Thursday, October 20, 2011

Sir Kensington's Gourmet Scooping Ketchup

In the Weekend Eats post a week and a half ago, I showed a picture of Sir Kensington's Gourmet Scooping Ketchup, a condiment I'd picked up last weekend due in no small part to the cuteness of the name and logo. (We're all suckers to a certain degree, and my weakness is for ridiculously-named condiments.) A few people emailed me and asked where I got it; the answer is Whole Foods.

It turns out, the stuff is really good. I stopped being a huge fan of ketchup many years ago. I much prefer mustard and mayo. (The last ketchup I loved was something called Formula 9 Gourmet Ketchup, offered in four flavors, my favorite of which was ginger. But that company went out of business more than a decade ago.)

Still, after more than a week of eating Sir Kensington's, I'm tempted to say I love the stuff. It is full of flavor, whereas most ketchups - especially Heinz - taste only of sweetness to me. In fact, on the official website of Sir Kensington's, they offer a chart to show why their ketchup is better: instead of high fructose corn syrup, Sir Kensington's is sweetened with agave nectar, honey and brown sugar. In place of Heinz's "salt and onion powder" seasonings, this ketchup utilizes coriander, lime juice, allspice and whole onions.

It's offered in two varieties: "Classic" and "Spiced." I'm sure you can guess that I purchased the latter. Here are a few of the things I've been using it on:

The other night I roasted some potato wedges in the oven with olive oil, salt, pepper, and garlic powder. The ketchup complemented those flavors beautifully.

The McDouble is enhanced dramatically with a couple of thick slices of deli pickle and the gourmet ketchup.

Despite not being much of a ketchup-eater these days (in the more than two and a half years Elizabeth and I have lived in our current place, I don't believe we've ever had a bottle of ketchup in the fridge, although, as I mentioned the other day, I have a kitchen drawer full of condiment packets, including many ketchups) there is one time that I often make an exception: breakfast. (I rarely eat breakfast, so it's not really that often.) I love ketchup and salsa on eggs, and I really like ketchup and hot sauce on breakfast potatoes. Usually it's a mix of ketchup and Valentina, or sometimes Texas Champagne, but I enjoy the flavors. Maybe I just like the way it makes me feel like a kid again.

But with Sir Kensington's, nothing is required to supplement the flavors of the ketchup: I added a couple of tablespoons to some Potatoes O'Brien I made the other day. I didn't even feel the need to add any hot sauce, which is quite rare for me at breakfast time.

I took Elizabeth to Popeye's so that she could try the Dip'n Chick'n I wrote about two weeks ago. In grand Popeye's tradition, they were out of the appropriate dipping sauce. (Of course the guy behind the counter didn't tell me that when I ordered - I really like Popeye's, but the company doesn't seem to be making much effort with their promotions lately.) Luckily I was able to pull the bottle of Sir Kensington's out of my Jack Sack.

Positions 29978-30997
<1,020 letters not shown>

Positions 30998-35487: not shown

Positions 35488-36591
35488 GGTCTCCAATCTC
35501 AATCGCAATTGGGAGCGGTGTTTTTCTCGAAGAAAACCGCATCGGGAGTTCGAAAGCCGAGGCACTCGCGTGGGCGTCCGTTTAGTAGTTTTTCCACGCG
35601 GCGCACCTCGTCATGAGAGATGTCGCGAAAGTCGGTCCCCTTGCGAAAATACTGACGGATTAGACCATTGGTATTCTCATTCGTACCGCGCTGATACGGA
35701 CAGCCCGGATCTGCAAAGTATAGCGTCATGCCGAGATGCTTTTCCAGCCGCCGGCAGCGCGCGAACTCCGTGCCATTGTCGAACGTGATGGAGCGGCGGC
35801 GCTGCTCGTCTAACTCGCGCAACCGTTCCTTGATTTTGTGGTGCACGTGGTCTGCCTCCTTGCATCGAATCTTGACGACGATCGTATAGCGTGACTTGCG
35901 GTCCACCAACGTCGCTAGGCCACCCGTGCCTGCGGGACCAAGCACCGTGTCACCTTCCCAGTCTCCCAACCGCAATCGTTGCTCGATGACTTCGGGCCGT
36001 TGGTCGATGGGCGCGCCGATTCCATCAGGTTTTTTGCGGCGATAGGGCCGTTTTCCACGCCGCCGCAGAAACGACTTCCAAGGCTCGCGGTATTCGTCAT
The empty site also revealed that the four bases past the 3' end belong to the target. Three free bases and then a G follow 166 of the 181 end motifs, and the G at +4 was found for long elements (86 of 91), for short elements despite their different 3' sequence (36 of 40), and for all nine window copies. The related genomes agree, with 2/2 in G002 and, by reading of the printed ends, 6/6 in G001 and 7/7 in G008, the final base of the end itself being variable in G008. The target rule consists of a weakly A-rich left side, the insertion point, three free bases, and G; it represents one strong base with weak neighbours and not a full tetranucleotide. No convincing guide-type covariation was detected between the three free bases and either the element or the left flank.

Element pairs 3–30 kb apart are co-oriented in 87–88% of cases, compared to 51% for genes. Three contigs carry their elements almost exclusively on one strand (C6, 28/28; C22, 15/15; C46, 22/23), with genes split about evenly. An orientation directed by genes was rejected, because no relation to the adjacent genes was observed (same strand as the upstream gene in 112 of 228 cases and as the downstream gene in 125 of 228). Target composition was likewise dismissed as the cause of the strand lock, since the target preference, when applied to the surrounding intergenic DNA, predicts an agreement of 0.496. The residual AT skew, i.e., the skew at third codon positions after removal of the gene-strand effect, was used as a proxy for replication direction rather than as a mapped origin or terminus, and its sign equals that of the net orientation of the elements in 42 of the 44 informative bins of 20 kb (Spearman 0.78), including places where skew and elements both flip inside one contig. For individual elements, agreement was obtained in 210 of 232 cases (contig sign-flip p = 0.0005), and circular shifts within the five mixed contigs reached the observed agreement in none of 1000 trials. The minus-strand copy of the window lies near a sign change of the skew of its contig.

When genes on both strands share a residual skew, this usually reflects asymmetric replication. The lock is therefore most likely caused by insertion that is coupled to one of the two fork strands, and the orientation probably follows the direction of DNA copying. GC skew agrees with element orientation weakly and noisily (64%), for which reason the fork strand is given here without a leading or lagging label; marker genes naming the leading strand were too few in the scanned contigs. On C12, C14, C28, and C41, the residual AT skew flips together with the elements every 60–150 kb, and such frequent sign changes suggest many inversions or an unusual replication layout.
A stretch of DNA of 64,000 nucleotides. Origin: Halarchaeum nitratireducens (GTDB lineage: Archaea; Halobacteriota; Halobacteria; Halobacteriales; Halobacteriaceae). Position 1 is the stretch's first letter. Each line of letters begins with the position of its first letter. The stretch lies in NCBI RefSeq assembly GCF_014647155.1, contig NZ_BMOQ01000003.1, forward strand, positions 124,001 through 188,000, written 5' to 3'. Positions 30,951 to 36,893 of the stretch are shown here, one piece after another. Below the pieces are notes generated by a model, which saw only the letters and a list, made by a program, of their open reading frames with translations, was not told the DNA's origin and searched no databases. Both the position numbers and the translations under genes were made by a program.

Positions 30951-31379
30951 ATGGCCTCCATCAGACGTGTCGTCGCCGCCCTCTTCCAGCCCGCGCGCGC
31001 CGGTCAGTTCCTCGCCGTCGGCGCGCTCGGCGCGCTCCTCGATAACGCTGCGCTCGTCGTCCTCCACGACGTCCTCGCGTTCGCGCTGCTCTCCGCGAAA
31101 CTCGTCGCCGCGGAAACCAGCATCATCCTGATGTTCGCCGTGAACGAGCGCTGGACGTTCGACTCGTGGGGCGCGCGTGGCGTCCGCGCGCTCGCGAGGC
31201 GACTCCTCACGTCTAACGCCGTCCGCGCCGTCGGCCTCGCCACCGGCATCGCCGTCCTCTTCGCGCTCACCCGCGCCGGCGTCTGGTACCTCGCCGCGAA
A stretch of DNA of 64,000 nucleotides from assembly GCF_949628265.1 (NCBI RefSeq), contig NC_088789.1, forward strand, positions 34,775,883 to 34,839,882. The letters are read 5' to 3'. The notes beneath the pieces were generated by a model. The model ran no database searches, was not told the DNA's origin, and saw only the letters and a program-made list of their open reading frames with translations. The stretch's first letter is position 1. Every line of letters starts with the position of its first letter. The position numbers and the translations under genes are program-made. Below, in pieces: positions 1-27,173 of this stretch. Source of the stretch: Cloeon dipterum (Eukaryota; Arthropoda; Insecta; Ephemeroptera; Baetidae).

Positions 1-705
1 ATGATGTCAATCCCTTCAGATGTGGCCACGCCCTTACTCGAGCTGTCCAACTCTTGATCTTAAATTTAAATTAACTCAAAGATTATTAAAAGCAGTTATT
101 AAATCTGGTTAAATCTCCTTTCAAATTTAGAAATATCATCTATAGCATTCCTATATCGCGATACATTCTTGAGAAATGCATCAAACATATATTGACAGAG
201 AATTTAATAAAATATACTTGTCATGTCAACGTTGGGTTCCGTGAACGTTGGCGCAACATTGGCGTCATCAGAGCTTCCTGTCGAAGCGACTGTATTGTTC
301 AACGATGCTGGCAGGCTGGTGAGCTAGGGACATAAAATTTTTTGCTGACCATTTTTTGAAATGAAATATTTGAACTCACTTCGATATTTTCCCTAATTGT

"Oh my God," Elizabeth said.

I think she was trying to express that I'm a dork. Whatever. The ketchup went nicely with the battered fries and, though it wasn't as good on the chicken as the correct dipping sauce (blackened ranch) would have been, it was still better than any of the sauces that Popeyes was offering me that day.

Okay, this might sound weird, but it was delicious: I mixed Sir Kensington's with Thick Worcestershire, lemon juice, and Parmesan cheese, then used it as a dipping sauce for fries. It was slightly-sweet, tangy, sour and nutty. I probably could have eaten this mixture with a spoon.

The other night I went to Wendy's to get Elizabeth her favorite burger there: the junior cheeseburger deluxe. I decided to get one for myself as well. The Sir Kensington's certainly made the burger better, but not like it did with the McDouble. (Of course I much prefer the latter to begin with, which may have had something to do with it.)

I have not made cocktail sauce with a ketchup base in years, since a friend of mine who is a professional chef overheard what I was trying to do (I actually don't remember what I was trying to do - perhaps make a clone of Black Angus's fiery cocktail sauce) and said "You gotta try using chili sauce instead of ketchup." His advice was as valuable as it was simple. I never imagined in all my attempts at making cocktail sauce that a 79-cent jar of supermarket-label chili sauce was the missing ingredient. But it was. I haven't used ketchup in cocktail sauce since then.

Still, as you've probably figured out by now, I don't view this brand of ketchup as just any old ketchup, so it was worth a shot. I added some horseradish and a squirt of lemon juice. It was a great sauce but I'm not sure if it was a good cocktail sauce; it was so complex and delicious that it made the fried piece of fish (a Trader Joe's beer-battered fish) pale in comparison. The tail was wagging the dog. The fish was the condiment for the sauce.

I wanted to write about more things... but I ran out of Sir Kensington's. And it was my second bottle I've finished in less than twelve days. I gotta go get more tomorrow. 


Anonymous said...

Well done. I will definitely try this soon and I too am not a big ketchup fan.

Nosh Gnostic said...

Sir Kensington is to ketchup as Langer's is to pastrami.

Anonymous said...

damn pp ur da man yo. u make me so damn hungry.

Bekah said...

Off to find the closest Whole Foods...

JustinM said...

Williams Sonoma in Spokane is your best bet.

jelly andrews said...

I am not really a ketchup lover. But I am pretty curious of how it taste. And it seems perfect for roasted potato wedges.